If there are over 7 billion people in the world, we are sure to raise $70 million if everyone donated just $0.01….helping us to end all homelessness on Earth.
Raised in Bloomington, IL, Chris Collins has always been infatuated with numbers and helping those in need. In the first grade, Collins attended early childhood education in Las Vegas and was named the youngest child in the school district to know division, multiplication, addition, and subtraction (1-12). Since then, Collins evolution in his mathematical skills created a pathway to his discovery…that math, love, and construction can save the world. Since the age of 33, his passion has been using recyclable metal and special tools to build homes to save the homeless and to protect our Earth.
In 2006, Collins found his passion after requesting the New Orleans City Council for all of their scrap metal to use to rebuild the homes on the Mississippi Coast, right next to the Louisiana line, after witnessing the Hurricane Katrina aftermath. With 20+ years in the industry, Collins discovered that building homes out of scrap metal is more sustainable and affordable than wood. If provided the metal, Collins promises to every City Council around the globe he would create a company that would rebuild the entire Gulf Coast. At the time, the City of New Orleans had access to a million recyclable vehicles that were valued at $250 million dollars. Fortunately, Collins and a few other buyers saw vision of the great city of New Orleans and purchased the used metal. At that moment, Collins made it his life’s mission to provide HOPE Inc. (Housing Our People Everywhere) to those who are homeless, have suffered from natural disasters, poverty, released prisoners, etc.
For the next four months, Collins remained in Mississippi and travelled the Gulf Coast spending time assisting Katrina victims with rebuilding their homes through several organizations. Collins was asked to train 100 new recruits in one week to build shotgun homes for New Orleans residents all over the city. During his time there, he was fortunate enough to visit over 3,000 FEMA trailers and shared his vision for the H.O.P.E program. While assisting with rebuilding the homes in New Orleans, Collins received his first request to build a home out of recyclable metal back home in Bloomington. Ecstatic by the opportunity, Collins called his team members back home and put in the order while he remained with the victims of Hurricane Katrina.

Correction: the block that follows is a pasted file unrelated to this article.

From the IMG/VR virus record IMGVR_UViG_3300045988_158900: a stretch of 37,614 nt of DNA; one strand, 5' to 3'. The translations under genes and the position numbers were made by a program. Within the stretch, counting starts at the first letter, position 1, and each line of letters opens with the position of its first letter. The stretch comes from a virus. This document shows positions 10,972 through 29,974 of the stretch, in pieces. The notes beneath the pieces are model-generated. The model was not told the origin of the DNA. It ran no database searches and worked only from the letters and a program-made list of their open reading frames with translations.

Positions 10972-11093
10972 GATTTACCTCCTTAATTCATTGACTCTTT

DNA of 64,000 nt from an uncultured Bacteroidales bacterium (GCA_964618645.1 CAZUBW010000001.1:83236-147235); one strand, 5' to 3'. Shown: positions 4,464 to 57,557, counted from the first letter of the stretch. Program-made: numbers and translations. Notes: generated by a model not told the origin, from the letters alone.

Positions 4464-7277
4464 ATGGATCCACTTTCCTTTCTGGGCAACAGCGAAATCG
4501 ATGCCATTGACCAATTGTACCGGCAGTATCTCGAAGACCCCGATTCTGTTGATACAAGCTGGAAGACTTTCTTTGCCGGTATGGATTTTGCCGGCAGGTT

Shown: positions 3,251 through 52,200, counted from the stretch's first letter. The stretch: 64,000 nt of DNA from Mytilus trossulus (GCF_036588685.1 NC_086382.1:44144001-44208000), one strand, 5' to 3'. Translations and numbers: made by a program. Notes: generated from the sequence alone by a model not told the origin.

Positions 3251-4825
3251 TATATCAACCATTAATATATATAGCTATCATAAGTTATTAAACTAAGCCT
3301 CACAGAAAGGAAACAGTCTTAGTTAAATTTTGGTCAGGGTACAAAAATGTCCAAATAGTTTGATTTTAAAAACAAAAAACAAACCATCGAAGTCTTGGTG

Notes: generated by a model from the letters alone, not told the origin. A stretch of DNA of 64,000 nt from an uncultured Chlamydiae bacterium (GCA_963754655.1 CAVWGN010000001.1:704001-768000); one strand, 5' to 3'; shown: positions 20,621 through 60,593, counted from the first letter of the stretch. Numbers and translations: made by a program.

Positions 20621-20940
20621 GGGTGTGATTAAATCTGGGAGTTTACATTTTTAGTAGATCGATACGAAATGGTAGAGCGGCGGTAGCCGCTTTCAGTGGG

One afternoon on during his lunch break Collins decided to call Mr. Phil Heston, CEO of Miller Compressing Company, to share his vision for HOPE Inc. With the support and mentoring of Mr. Heston, Collins furthered his vision; and in 2007, Collins held a board meeting which included the City Council of Bloomington about supporting HOPE.
Towards the end of 2008, there was a massive flood in Cedar Rapids, Iowa. Working closely with different entities for six months, Collins worked to develop ideas on how to rebuild the community. To date, the program builds over one hundred new homes per year. In 2009, Mr. Collins built an 1800 sq. ft. and 12 ft. building using cold rolled steel developed from recyclable car parts from Hurricane Katrina. The location was later named The Monster Pawn Warehouse. Although the job started in 2009, it was not complete until May of 2010. This means that unfinished building survived the entire winter without having a roof or siding on it. Also, a home the Collins team built in the early 2000’s suffered through a massive tornado in Monticello in 2010. As a result of being built out of our recyclable metal, and the only damage was to the roof, as it slightly lifted.
At the top of 2010, Collins visited Nashville after a horrible flood for two months to help local residents. Visiting a deserted neighborhood, Collins offered a helping hand to the community, teaching about 25 men how to build homes. Working as a team, Collins led this group of men to building 14 homes using scrapped materials. In 2011, Collins received an award from Congress on building the greenest home in Bloomington, IL.
In 2012, a tornado hit Harrisburg where Collin’s Cold Roll Steel equipment and machinery was ruined. With no insurance, Collins was unable to repurchase the machinery. The core of his business operations, Collins was forced to develop a plan of action that will continue his mission to helping others, and saving the homeless.
In 2016, after speaking with his mentor Mr. Heston, Collins had a break through opportunity to own 55 train cars of shredded metal materials, a total of 5k tons for $600k. With this, HOPE Inc can build about one thousand 500sq. ft. homes. Moreover, after speaking with the Economic Development Department of Las Vegas, HOPE Inc has an opportunity to build shelters for the homeless in the City of Las Vegas., and to develop a partnership for youth to learn the trade of construction.
Now, HOPE is on a mission to establish partnerships with organizations all over the world to end homelessness one country at a time. Homelessness is a global issue that effect us all, but we can start with donations of $0.01…one step closer to ending all poverty. To make a donation, visit us at www.httprogram.org.